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Playing for home fans makes football teams WORSE

Playing for home fans makes football teams WORSE: Premier League games have won more games on their home ground since starting the season again without supporters

  • Analysis ‘refutes the assumption that teams gain an edge over partisan crowds’
  • West Ham won twice in a month after only two wins all season for fans
  • Players may have “an evolutionary instinct to defend their territory”

It has long been thought that soccer fields filled with thousands of fans cheering on their heroes give players an edge when they play at home.

But analysis has cast doubt on the ’12th man’ effect after it was revealed that Premier League games are winning more games at home because they were forced to restart the season without spectators.

Home teams perform better than before the pandemic in points, wins and goal difference.

The Financial Times said his analysis “refutes the assumption that teams are getting ahead of partisan crowds, providing additional motivation to home players and a hostile environment for opposition parties.”

West Ham, which defeated Watford 3-1 on Friday, have had two home wins since the restart last month. Before that, they had only won two wins for fans at London Stadium all year

West Ham, which defeated Watford 3-1 on Friday, have had two home wins since the restart last month. Before that, they had only won two wins for fans at London Stadium all year

When the Premier League was discussing the resumption of the season after the postponement of the matches due to the pandemic, it was forced to drop plans to hold games in neutral locations after club managers insisted on keeping the home advantage.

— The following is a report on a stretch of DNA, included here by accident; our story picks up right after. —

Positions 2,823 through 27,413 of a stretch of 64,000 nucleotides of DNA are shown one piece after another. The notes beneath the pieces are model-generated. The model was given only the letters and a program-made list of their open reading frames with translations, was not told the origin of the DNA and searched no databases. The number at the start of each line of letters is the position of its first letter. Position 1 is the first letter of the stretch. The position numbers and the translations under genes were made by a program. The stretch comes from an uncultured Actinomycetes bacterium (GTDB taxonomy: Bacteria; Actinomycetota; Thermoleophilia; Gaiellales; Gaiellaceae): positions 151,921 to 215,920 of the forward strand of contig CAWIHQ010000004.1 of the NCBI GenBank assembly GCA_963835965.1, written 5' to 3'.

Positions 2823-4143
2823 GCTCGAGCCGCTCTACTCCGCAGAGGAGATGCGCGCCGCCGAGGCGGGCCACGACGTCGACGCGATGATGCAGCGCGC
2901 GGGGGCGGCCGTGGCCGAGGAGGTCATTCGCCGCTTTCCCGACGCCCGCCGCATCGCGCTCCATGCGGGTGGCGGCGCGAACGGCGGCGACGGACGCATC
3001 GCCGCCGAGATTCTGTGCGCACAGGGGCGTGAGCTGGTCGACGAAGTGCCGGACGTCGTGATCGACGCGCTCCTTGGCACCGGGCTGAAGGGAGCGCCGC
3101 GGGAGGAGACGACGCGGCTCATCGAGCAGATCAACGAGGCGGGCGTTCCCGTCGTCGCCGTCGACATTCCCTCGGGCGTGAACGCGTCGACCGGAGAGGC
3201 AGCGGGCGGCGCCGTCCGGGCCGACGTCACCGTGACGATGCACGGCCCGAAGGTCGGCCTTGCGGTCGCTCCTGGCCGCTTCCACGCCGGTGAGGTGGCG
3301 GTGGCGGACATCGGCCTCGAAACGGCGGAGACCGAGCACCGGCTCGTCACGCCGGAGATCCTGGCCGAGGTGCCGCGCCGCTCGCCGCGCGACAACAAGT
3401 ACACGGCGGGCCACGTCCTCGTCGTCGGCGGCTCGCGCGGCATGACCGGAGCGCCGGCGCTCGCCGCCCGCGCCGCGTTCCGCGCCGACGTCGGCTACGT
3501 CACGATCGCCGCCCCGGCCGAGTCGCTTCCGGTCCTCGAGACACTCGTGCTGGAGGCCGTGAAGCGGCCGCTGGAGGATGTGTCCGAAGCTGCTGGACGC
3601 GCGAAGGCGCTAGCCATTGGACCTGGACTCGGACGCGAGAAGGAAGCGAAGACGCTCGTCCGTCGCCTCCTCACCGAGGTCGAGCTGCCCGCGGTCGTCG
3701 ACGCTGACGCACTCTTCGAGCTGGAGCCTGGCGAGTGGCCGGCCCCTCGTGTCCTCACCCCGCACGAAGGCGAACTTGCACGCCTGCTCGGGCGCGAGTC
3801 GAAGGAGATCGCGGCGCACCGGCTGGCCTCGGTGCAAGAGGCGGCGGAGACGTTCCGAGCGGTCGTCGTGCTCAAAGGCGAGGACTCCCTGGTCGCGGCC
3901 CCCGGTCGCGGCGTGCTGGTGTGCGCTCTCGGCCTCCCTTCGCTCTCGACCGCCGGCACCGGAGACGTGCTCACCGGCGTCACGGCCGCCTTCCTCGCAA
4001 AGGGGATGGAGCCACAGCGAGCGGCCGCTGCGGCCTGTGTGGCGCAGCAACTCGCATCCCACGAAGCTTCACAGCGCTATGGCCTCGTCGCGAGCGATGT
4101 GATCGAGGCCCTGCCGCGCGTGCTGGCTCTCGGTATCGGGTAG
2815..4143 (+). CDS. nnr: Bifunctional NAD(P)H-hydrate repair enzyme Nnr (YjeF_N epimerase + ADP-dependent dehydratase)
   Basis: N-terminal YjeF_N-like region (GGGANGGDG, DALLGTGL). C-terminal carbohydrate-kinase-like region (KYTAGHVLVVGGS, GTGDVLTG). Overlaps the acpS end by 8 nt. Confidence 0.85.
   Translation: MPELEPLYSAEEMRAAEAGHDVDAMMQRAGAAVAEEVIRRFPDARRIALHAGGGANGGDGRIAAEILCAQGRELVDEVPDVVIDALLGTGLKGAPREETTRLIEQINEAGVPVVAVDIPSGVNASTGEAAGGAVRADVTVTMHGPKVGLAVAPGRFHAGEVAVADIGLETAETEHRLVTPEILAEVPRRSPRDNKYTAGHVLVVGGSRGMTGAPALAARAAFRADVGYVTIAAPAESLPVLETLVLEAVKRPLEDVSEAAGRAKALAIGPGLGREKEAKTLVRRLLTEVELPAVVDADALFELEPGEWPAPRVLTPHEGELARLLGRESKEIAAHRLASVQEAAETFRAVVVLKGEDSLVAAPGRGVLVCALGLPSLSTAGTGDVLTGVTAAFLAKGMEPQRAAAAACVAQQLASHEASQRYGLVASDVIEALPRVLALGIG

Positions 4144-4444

West Ham, which defeated Watford 3-1 on Friday, have had two home wins since the restart last month. Before that, they had only won two wins for fans at London Stadium all year.

Sports psychologist Dr. Paul McCarthy said that since the restart of the league on June 17, too few games had been played to draw any final conclusions, but added: “The audience is only one factor. You have the fact that home players are more familiar with the field and stadiums and feel more comfortable.

“There is also an evolutionary instinct that they defend their territory.

Studies have shown that players’ testosterone levels are higher when they play at home rather than away. In addition, it is true that the home team did not have to travel that far to play the match. ‘

In Italy, where fans are also banned from the field, the advantage of playing at home has remained largely the same since the season started again.

However, the benefit has become smaller in Germany and Spain.

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